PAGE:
Parks Canada's initiative to recognize women's history through the designation of persons, places and events of national historic significance continues to identify and commemorate women's historic achievements. The latest designation in women's history, recently announced by the Minister of Canadian Heritage, is the Erland Lee (Museum) Home in Stoney Creek (Hamilton), Ontario. This 19 th century farmhouse, the former home of Janet and Erland Lee, now widely recognized as the founders of the first Women's Institute in 1897, and an National and International rural women's movement. The home is well preserved with an excellent interpretive program, and features the original diningroom table on which Janet Lee drafted the constitution of the Women's Institute of Stoney Creek. In time, a national historic plaque explaining the significance of the site will be erected, marking the site's inclusion in the family of National Historic Sites.
This new women's history site joins a very small group of public celebrations of women's historic achievements. With the majority of historic commemorations still focussing on topics such as the fur trade and the military, only about 5% represent women's role. (1) In an effort to better hear from marginalized voices, not only women's but those of Aboriginal Peoples and ethno-cultural communities, public nominations are actively encouraged in these areas. In order to provide context for key areas of women's historic role, and to assist in the identification of women's history commemorations, several research papers have been prepared by Parks Canada including: "Women and Health Care" ; "Women and Power"; "Women and Work"; "Women and Education"; and (forthcoming) "Women and Technology." Some have also led to further commemorations, such as Helen MacMurchy, Jeanne Mance, the Victorian Order of Nurses of Canada and five nurses' residences in the field of health. (2) Designations relating to "Women and Power" include the WCTU, the "Person's Case," E. Cora Hind, Marie Lacoste-Gérin Lajoie, Edith Archibald, Idola Saint-Jean and Violet McNaughton.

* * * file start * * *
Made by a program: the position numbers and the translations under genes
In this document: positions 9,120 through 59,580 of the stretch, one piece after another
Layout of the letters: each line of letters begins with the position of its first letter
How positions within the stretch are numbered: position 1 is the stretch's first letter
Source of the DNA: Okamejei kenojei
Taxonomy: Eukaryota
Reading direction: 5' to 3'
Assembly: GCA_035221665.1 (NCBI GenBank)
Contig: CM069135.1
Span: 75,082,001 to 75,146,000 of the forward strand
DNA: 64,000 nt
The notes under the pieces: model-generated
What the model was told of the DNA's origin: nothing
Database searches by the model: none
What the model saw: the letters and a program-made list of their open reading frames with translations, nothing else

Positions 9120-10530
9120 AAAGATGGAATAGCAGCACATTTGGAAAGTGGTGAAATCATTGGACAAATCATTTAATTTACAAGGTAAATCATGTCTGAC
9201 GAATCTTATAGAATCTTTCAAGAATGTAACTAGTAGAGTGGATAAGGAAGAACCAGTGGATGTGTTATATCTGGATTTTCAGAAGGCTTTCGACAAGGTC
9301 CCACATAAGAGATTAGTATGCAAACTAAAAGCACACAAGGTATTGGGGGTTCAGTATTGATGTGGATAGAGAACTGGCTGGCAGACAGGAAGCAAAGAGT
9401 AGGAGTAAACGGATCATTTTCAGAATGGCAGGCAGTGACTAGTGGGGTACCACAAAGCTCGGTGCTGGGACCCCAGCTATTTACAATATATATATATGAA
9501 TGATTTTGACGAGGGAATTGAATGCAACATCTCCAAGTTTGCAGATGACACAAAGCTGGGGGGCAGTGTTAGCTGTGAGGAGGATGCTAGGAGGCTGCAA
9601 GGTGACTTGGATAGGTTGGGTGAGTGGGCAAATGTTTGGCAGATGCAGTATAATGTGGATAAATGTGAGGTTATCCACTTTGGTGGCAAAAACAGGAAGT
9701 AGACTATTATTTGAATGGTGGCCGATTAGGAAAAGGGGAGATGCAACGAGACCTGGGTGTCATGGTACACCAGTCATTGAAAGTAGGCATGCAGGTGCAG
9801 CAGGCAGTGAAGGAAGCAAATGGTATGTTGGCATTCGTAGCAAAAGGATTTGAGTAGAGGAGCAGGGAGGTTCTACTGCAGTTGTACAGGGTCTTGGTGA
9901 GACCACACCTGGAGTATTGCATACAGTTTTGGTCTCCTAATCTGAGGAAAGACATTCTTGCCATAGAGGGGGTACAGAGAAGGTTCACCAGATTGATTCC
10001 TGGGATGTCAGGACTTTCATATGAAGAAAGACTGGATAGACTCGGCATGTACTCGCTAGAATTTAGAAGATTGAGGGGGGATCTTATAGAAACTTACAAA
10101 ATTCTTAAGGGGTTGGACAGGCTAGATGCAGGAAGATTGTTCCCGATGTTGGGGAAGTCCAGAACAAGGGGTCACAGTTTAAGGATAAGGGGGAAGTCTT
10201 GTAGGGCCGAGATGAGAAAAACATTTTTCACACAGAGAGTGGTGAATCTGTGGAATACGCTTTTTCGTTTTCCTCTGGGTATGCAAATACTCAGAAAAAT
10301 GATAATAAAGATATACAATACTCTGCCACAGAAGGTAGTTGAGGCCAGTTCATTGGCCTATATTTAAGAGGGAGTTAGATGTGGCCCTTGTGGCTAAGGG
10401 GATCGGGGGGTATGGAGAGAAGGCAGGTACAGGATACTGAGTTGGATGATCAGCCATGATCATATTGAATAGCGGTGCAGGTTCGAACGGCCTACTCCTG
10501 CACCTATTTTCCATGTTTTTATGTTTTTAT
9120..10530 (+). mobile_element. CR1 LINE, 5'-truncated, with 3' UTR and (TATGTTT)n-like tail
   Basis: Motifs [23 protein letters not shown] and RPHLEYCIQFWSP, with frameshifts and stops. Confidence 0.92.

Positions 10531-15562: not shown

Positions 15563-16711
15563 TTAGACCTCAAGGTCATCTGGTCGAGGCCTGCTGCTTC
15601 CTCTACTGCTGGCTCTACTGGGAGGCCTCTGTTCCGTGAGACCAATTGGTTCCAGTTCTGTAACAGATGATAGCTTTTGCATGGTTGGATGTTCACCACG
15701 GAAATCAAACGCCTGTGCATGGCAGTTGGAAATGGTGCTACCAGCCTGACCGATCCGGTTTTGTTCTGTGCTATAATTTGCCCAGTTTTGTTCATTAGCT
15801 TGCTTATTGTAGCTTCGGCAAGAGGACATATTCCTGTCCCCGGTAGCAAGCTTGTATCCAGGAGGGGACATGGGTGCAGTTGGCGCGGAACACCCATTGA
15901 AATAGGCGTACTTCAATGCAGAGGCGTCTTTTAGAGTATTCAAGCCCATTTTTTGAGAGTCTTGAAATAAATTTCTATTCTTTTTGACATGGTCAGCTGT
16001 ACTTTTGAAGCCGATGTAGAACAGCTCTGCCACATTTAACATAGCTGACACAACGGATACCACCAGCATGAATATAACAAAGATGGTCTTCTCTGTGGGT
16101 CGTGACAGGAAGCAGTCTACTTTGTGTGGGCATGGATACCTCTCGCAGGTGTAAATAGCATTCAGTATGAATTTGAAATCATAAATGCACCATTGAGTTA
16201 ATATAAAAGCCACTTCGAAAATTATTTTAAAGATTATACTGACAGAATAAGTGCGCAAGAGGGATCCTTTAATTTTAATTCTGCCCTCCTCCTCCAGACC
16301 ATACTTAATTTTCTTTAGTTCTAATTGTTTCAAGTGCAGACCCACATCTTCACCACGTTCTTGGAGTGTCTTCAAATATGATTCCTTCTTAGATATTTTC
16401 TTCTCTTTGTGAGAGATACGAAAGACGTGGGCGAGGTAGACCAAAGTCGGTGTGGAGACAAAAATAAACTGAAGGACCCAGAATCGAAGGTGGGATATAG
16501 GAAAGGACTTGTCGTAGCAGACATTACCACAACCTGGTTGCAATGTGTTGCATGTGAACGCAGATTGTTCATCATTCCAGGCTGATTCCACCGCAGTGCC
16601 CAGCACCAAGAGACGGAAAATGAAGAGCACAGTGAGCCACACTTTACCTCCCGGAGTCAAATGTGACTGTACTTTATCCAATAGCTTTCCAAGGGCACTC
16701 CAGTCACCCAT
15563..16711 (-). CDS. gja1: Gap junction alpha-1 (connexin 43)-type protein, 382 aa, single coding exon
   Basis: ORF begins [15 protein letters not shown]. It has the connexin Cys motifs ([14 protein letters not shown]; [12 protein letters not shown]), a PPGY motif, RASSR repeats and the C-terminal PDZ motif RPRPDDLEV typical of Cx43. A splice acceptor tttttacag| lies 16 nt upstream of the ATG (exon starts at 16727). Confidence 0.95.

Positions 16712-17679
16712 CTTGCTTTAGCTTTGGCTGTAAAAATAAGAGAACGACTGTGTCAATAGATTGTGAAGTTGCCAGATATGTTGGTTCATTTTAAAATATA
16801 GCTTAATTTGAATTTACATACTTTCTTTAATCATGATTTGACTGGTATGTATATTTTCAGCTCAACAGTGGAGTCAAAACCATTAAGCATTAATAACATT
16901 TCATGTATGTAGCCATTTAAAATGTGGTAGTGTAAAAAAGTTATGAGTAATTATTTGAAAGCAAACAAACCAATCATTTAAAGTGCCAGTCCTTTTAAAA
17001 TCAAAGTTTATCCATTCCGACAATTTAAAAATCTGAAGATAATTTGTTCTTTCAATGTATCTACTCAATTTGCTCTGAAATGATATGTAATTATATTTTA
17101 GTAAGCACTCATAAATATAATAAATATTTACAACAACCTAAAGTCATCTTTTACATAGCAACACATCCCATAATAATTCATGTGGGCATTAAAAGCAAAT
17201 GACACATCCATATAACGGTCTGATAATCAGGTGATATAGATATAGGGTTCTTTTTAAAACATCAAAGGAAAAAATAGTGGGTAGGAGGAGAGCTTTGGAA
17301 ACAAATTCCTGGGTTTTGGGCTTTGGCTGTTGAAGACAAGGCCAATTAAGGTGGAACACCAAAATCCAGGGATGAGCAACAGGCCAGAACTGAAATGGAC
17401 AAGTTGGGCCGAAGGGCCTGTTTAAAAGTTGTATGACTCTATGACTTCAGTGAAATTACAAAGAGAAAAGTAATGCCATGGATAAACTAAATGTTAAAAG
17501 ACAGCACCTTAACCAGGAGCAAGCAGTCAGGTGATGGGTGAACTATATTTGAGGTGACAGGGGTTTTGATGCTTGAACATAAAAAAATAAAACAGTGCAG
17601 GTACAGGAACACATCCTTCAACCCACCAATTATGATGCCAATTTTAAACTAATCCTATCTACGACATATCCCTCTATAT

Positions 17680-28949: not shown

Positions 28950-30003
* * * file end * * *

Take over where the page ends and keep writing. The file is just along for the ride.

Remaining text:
But the initiative relies primarily on public nominations and will not survive without support from the women's history community. Please consider making a nomination of a person, a site or an event of national significance. Write to:
The Executive Secretary,
Historic Sites and Monuments Board of Canada
Hull, Quebec K1A 0M5
TELEPHONE: (819) 997-4059 or FAX: (819) 953-4909
Or, if you would like general information on the women's history initiative, contact:
Historic Services Branch
National Historic Sites Directorate
5th Floor, 25 Eddy Street
Hull, Quebec K1A 0M5
TELEPHONE: (819) 994-5537 or FAX: (819) 953-4909
Electronic Tools to Support History Teaching and Learning
I have a small grant (from Trent University) to investigate the uses of electronic tools in supporting undergraduate teaching in history courses. I am interested in hearing about how people are using electronic supports to enhance face-to-face learning in undergraduate history courses. I am particularly interested in hearing about how these supports (such as